Stone notes that we must have “empathy for the person you may hate.” Really? Why? Perhaps the genocide against Europe’s Jews perpetrated by Hitler and the Nazis is reason enough not to have empathy for him. Perhaps Stalin’s millions killed in state induced famines and the hundreds of thousands sent to the Gulag for political crimes is sufficient reason not to have empathy for Stalin. Many serious and responsible historians have written major books explaining what caused both Nazism and Communism to thrive for too many long years. They have done so carefully and with scholarly exploration, all without having empathy for two of the major mass murderers of the last century.
Has Stone’s lead writer, Peter Kuznick, read any of these? He tells us that he intends to describe Hitler, Stalin and Mao as “historical phenomenon,” and not just as people “who appeared out of nowhere.” This is original? Indeed, that is what good historians have been doing for a long time. Do we really need Oliver Stone, a man who knows nothing about how to write history and everything about how to trivialize it and portray it as a series of conspiracies, to give us his specious interpretation?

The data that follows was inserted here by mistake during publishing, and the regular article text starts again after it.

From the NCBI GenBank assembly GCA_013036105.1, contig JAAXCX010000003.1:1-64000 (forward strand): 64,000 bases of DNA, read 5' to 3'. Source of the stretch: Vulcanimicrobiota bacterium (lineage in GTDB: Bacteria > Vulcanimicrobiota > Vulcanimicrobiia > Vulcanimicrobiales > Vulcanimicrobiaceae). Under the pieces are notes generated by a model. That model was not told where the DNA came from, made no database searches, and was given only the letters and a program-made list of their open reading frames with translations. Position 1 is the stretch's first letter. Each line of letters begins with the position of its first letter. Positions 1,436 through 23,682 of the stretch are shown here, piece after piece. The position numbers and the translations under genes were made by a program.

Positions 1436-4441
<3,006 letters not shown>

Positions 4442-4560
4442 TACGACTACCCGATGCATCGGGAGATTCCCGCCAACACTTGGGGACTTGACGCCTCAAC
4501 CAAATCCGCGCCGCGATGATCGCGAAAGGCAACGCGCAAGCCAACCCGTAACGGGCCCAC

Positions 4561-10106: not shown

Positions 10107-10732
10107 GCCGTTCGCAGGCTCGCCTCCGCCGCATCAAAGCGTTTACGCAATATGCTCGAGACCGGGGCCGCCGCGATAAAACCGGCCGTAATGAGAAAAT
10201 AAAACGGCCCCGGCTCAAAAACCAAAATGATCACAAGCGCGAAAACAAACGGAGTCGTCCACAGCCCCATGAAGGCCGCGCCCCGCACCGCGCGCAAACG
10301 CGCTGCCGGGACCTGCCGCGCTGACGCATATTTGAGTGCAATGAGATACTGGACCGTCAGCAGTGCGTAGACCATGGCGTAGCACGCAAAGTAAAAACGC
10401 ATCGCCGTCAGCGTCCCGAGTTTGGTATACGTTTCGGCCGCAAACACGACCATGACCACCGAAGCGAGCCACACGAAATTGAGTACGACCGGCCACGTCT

To head off opposition, he tells us in advance that, as he says, “Rush Limbaugh is not going to like this history.” I’m sure that is so. But neither, I suspect, will Marty Peretz, Leon Wieseltier, Jeffrey Herf, Jeffrey Goldberg, Sean Wilentz, Alonzo Hamby, Ron Rosenbaum, or hundreds of other writers, journalists, and historians I can think of. Stone’s ploy is obvious. By naming only Limbaugh, he hopes in advance to write off his critics as knee-jerk “right-wingers,” so that anyone who responds negatively will be seen as part of what leftists usually call “the right-wing echo machine.”